Does he deserve another chance?

File picture of a rally in New Delhi after the incident in December 2012. Photo: Rajeev Bhatt   | Photo Credit: Rajeev Bhatt

It was a crime that wrenched the nation. In the winter of 2012, an adolescent along with his older friends brutally raped a young woman in Delhi. He will now be discharged on December 21, 2015, after completing three years in a “special home” for juvenile offenders. The country is profoundly divided over whether this young man, now an adult, deserves another chance in life.

Harsh Mander
The law is clear that he does. After 1986, child offenders in India lawfully can neither be housed with adults in adult jails nor tried by adult courts. Instead, they must appear before juvenile boards that include trained social workers. The boards have many options if they conclude that the child has indeed acted against the law. They may admonish or counsel him, order community service, or require his detention in a special home for a maximum of three years.

In the past, when children were jailed with adult criminals (and they sometimes continue to be even today, illegally), what they learned in prison was crime, and they often emerged as criminals. Today, humane law is founded in the hope that the juvenile home will teach, counsel the child to grow into a responsible adult. The conviction is that every child, even one who has caused grave harm, deserves one more chance. The media is accordingly barred from publicising the child’s identity and the law requires that when he/she leaves the special home, he/she carries no criminal record into his/her adulthood.

The minister responsible for administering this statute, however, is unconvinced that it serves the ends of justice. Maneka Gandhi informed PTI recently that she would direct authorities to keep a “close watch” on the youth after his discharge. “We can’t just let him go and wait for him to do something else again…,” she declared. She clearly has little faith in the possibility of his authentic reform or that a boy’s criminal record should not follow him after he becomes an adult.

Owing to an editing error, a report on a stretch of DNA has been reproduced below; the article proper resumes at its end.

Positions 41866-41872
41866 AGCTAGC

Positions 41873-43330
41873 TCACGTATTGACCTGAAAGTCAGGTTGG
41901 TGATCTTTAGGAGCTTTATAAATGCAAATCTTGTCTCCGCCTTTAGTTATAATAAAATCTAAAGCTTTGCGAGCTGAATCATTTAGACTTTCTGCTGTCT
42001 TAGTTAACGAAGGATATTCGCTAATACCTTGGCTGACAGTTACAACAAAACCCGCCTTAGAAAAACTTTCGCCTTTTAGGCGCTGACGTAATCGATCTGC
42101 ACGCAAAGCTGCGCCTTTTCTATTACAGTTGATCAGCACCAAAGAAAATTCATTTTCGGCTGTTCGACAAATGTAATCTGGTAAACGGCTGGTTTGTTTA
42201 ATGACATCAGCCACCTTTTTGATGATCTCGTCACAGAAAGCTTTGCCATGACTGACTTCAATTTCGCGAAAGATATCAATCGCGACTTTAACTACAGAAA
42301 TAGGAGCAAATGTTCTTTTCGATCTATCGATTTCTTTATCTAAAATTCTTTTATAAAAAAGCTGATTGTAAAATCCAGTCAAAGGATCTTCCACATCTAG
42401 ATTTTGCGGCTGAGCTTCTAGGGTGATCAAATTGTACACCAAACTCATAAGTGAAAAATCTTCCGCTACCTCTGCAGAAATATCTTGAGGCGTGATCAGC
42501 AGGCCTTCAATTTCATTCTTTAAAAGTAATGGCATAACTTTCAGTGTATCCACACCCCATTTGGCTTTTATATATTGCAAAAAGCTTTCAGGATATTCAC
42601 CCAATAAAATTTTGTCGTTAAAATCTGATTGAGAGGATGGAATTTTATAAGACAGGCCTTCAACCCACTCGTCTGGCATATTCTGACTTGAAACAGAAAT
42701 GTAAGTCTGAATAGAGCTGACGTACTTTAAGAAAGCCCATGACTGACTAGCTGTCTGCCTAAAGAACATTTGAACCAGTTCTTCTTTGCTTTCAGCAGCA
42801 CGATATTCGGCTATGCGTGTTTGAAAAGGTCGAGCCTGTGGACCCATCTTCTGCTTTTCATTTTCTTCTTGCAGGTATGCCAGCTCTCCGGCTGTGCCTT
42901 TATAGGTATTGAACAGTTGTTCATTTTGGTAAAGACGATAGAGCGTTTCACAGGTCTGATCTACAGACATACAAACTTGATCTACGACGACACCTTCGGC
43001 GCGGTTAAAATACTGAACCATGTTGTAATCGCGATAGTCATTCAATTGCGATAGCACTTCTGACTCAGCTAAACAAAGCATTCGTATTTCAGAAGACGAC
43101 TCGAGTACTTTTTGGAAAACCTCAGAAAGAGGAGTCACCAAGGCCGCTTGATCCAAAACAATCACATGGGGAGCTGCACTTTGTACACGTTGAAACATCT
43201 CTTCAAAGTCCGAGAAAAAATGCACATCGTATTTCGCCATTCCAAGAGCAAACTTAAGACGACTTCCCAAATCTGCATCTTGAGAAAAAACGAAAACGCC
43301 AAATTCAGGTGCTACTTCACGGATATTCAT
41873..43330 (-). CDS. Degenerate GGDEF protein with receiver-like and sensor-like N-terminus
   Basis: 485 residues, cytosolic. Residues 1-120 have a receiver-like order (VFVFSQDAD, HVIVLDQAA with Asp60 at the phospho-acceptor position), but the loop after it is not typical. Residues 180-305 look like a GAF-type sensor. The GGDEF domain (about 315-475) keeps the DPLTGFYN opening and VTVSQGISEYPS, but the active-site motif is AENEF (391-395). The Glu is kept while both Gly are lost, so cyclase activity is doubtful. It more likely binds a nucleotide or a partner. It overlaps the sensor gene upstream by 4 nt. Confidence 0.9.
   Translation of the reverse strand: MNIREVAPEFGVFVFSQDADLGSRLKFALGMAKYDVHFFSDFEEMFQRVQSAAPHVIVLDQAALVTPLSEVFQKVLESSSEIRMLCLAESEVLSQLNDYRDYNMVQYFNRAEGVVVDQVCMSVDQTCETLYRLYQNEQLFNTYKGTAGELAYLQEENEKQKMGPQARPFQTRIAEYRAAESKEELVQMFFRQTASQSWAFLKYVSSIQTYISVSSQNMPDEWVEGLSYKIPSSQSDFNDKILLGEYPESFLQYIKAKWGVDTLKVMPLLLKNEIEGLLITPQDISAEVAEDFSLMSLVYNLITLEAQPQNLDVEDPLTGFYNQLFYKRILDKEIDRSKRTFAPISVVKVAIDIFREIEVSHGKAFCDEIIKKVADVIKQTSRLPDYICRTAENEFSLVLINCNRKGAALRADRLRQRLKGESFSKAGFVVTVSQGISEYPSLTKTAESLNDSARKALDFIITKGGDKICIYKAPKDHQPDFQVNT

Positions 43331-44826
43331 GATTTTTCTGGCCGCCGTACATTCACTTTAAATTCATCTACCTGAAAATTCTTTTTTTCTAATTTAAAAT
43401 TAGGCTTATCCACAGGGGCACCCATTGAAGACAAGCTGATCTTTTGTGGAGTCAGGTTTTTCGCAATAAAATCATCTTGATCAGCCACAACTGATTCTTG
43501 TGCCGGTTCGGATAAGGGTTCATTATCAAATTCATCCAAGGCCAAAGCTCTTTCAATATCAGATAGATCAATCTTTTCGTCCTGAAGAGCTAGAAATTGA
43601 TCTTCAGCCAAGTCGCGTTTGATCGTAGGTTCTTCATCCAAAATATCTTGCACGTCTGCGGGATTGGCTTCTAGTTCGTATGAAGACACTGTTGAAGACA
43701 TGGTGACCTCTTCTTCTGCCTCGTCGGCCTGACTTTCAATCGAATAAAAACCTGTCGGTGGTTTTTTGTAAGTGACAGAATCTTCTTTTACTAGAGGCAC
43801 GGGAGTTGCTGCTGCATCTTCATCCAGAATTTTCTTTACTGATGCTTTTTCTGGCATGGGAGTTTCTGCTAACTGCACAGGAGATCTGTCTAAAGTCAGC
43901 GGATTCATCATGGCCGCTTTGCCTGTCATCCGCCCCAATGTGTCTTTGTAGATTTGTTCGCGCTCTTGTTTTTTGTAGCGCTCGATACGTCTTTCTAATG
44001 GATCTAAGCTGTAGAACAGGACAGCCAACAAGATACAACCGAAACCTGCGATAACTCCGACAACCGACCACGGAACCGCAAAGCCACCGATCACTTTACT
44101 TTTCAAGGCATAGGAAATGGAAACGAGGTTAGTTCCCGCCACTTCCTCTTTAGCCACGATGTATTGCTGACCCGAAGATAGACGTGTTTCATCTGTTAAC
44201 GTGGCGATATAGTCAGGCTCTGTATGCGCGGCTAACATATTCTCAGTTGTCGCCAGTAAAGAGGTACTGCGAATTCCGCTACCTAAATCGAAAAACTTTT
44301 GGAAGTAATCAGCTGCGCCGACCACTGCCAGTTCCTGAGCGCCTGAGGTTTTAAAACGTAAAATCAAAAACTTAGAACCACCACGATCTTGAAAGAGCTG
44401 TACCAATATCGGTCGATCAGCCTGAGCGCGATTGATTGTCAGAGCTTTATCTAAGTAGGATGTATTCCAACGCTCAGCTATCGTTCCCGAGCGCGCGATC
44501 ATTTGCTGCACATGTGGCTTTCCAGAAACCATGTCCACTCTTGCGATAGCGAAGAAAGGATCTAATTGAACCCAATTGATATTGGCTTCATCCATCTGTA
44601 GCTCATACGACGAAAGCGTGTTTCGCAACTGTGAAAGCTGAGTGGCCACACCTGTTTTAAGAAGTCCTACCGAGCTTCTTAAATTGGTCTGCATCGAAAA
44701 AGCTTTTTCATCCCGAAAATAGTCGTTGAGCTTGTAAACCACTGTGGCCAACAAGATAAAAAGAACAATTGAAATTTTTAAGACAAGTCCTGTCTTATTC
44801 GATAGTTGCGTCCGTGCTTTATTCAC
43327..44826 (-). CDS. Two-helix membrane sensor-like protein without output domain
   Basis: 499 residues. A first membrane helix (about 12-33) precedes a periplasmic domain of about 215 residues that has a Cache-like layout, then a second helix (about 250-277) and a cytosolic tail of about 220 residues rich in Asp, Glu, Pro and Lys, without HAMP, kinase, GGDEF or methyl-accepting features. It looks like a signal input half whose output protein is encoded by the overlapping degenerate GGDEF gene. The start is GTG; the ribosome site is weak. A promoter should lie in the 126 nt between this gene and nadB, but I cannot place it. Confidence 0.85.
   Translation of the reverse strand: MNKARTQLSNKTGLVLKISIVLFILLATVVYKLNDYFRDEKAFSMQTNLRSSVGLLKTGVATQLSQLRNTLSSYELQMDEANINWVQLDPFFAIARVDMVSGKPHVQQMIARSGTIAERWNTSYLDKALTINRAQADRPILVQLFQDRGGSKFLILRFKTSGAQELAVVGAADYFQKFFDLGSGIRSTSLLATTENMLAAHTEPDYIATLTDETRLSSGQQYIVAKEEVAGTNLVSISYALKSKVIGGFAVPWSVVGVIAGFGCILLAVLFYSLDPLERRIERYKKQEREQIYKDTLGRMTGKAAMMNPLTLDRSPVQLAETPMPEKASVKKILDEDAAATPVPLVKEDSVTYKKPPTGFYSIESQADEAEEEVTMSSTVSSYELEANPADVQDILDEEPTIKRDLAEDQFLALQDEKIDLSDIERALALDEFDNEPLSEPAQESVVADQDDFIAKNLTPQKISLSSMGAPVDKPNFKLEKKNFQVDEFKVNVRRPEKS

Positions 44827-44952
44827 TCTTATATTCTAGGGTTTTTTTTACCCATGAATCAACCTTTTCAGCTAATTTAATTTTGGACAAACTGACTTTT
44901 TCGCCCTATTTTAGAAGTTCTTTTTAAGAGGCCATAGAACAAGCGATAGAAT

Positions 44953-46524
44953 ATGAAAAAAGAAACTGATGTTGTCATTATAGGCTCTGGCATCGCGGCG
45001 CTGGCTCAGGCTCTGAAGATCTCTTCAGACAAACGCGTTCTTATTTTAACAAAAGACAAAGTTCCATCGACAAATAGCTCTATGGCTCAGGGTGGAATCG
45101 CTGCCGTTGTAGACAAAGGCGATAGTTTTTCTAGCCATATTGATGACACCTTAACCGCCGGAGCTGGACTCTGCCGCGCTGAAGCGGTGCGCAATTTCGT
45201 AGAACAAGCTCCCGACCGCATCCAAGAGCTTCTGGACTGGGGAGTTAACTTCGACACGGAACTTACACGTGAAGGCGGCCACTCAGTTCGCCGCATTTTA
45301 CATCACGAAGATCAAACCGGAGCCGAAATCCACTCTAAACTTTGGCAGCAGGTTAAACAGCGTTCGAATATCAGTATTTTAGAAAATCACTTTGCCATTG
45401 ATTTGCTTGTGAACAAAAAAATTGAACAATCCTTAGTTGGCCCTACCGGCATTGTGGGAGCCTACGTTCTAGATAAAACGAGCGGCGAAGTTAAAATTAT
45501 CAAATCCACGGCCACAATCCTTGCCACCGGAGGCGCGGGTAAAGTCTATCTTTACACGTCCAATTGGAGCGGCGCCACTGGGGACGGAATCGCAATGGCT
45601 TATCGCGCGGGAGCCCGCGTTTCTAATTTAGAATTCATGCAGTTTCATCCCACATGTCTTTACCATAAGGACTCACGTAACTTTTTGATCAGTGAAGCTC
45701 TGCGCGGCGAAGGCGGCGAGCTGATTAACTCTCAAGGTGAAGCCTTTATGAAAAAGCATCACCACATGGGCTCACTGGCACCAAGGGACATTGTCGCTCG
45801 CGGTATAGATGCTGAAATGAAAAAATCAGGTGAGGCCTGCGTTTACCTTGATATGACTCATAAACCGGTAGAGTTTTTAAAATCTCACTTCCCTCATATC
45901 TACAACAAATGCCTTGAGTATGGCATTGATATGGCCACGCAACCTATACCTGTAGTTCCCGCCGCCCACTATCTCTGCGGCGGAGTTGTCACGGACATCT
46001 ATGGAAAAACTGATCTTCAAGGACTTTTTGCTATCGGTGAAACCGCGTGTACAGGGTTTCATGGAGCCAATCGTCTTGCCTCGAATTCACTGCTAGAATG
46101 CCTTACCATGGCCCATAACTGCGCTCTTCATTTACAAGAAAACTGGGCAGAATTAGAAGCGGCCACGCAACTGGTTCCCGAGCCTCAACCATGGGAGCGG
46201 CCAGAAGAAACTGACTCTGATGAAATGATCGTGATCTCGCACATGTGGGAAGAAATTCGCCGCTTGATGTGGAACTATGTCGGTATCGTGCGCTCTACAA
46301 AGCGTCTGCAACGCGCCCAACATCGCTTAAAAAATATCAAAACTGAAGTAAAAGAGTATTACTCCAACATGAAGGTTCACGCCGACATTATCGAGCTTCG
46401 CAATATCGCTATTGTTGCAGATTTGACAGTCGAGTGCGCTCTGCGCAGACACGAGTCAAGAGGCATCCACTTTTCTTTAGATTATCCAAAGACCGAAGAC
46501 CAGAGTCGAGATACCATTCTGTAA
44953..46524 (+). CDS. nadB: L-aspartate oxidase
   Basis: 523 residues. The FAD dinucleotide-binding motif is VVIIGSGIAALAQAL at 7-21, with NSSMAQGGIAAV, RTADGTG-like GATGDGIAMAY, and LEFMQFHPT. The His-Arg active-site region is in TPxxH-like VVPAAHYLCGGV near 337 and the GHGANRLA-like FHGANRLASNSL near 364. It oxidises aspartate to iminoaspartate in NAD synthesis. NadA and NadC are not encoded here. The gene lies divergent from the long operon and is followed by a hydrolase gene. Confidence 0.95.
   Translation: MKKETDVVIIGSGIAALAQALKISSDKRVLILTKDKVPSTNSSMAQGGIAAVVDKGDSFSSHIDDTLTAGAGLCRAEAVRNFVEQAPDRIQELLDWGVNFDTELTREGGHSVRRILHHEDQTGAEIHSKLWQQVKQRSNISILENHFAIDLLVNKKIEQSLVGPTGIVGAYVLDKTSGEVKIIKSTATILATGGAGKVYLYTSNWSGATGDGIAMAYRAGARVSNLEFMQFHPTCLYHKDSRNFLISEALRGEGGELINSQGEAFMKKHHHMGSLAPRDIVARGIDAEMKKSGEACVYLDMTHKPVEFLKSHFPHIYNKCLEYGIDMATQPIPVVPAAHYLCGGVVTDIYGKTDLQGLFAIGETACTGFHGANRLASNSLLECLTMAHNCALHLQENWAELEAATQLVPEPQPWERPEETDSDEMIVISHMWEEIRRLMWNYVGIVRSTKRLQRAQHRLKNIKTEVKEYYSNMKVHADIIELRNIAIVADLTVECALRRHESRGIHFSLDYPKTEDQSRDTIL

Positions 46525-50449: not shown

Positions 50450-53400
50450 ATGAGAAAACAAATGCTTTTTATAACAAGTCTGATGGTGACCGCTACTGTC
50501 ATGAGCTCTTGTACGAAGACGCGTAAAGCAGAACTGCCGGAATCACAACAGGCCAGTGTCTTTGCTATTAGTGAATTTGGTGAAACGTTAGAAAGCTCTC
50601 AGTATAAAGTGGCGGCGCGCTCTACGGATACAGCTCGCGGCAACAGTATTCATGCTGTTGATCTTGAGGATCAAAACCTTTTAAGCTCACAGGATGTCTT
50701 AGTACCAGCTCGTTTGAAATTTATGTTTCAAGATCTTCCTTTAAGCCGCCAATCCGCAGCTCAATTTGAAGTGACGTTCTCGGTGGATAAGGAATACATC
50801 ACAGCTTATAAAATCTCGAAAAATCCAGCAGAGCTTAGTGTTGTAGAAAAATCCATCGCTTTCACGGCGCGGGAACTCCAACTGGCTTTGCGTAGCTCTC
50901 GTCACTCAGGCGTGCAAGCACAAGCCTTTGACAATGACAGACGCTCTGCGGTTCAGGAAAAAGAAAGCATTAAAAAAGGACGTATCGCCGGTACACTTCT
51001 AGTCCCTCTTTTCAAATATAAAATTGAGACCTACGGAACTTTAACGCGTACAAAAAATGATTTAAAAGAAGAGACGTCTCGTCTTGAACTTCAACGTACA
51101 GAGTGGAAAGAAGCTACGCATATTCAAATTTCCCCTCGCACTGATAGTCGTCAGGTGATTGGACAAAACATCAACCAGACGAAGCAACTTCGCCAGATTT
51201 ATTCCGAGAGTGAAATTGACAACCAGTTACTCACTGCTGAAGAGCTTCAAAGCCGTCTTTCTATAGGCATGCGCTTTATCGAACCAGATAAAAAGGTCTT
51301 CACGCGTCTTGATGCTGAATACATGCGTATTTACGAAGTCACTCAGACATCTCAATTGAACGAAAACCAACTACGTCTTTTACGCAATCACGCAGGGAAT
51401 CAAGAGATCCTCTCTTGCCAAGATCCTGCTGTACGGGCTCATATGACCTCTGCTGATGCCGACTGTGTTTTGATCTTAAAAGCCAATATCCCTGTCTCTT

His prospects plummeted further after the claim by the country’s Intelligence Bureau (IB) that he could have been radicalised during his detention. I cannot understand what public good was served by the IB publicly announcing its speculation about the boy. The redoubtable Subramanian Swamy had written to Prime Minister Narendra Modi some months earlier alleging that the juvenile rapist had now become a jihadi. The IB alleged, according to a report in Midday, that the youth has been brainwashed by a Kashmiri youth, who had motivated him to join jihad in Kashmir after his discharge. The IB official said that it could not reveal its sources. The report added that the Union Home Ministry consequently ordered his counselling for ‘de-radicalisation’, and quoted an official as saying: “We will review his case… If it is found that he is completely de-radicalised, he will be released.” But legally, the right to decide on whether or not to discharge him rests with the Juvenile Justice Board. The only way the IB could prevent his freedom would be if it arrests him after his release and where he is charged as a radicalised, adult terrorist sympathiser.

The mass of public opinion is overwhelmingly hostile to the youth. A readers’ poll conducted by Hindustan Times asked: “Does he deserve a fair chance in life now?” An overwhelming 89 per cent were convinced that he does not. Only 8 per cent agreed. Is this surprising when the police first claimed that he was the cruellest among the rapists, leading one newsmagazine to describe him in a cover story as “India’s Most Hated”? Later evidence proved this claim to be false but the damage done was irreversible. And now the IB puts out for public consumption speculation about his Muslim identity and linking this to prejudices of terror sympathies. This makes him both an unrepentant rapist and a jihadi.

Contrast this with the humane statements of the staff in the special home that housed the youth. A welfare officer observed approvingly to Hindustan Times that the boy is “a changed person, and the home’s most disciplined inmate. He has turned religious, growing a beard and offering namaz five times a day.” He fasted during Ramzan, and prepared the Iftar meal to break the Ramzan fast for other friends in the home. He reported that he loves to cook.

To escape intense violence and penury, this boy had abandoned his village in Uttar Pradesh nearly a decade earlier. On the mean streets of Delhi, he encountered men who taught him more brutality and hate. His years in Delhi’s special home proved very different. Here he learnt to cook and paint, to control his anger and to pray. Most still believe that once free, he will inevitably slip into crime again. If our government is to be believed, the crimes could be of terror.

Are we convinced that he does not deserve another chance?

The views expressed here are personal.

Harsh Mander is a human rights worker, writer and teacher

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Printable version | Jan 23, 2022 3:24:09 AM |

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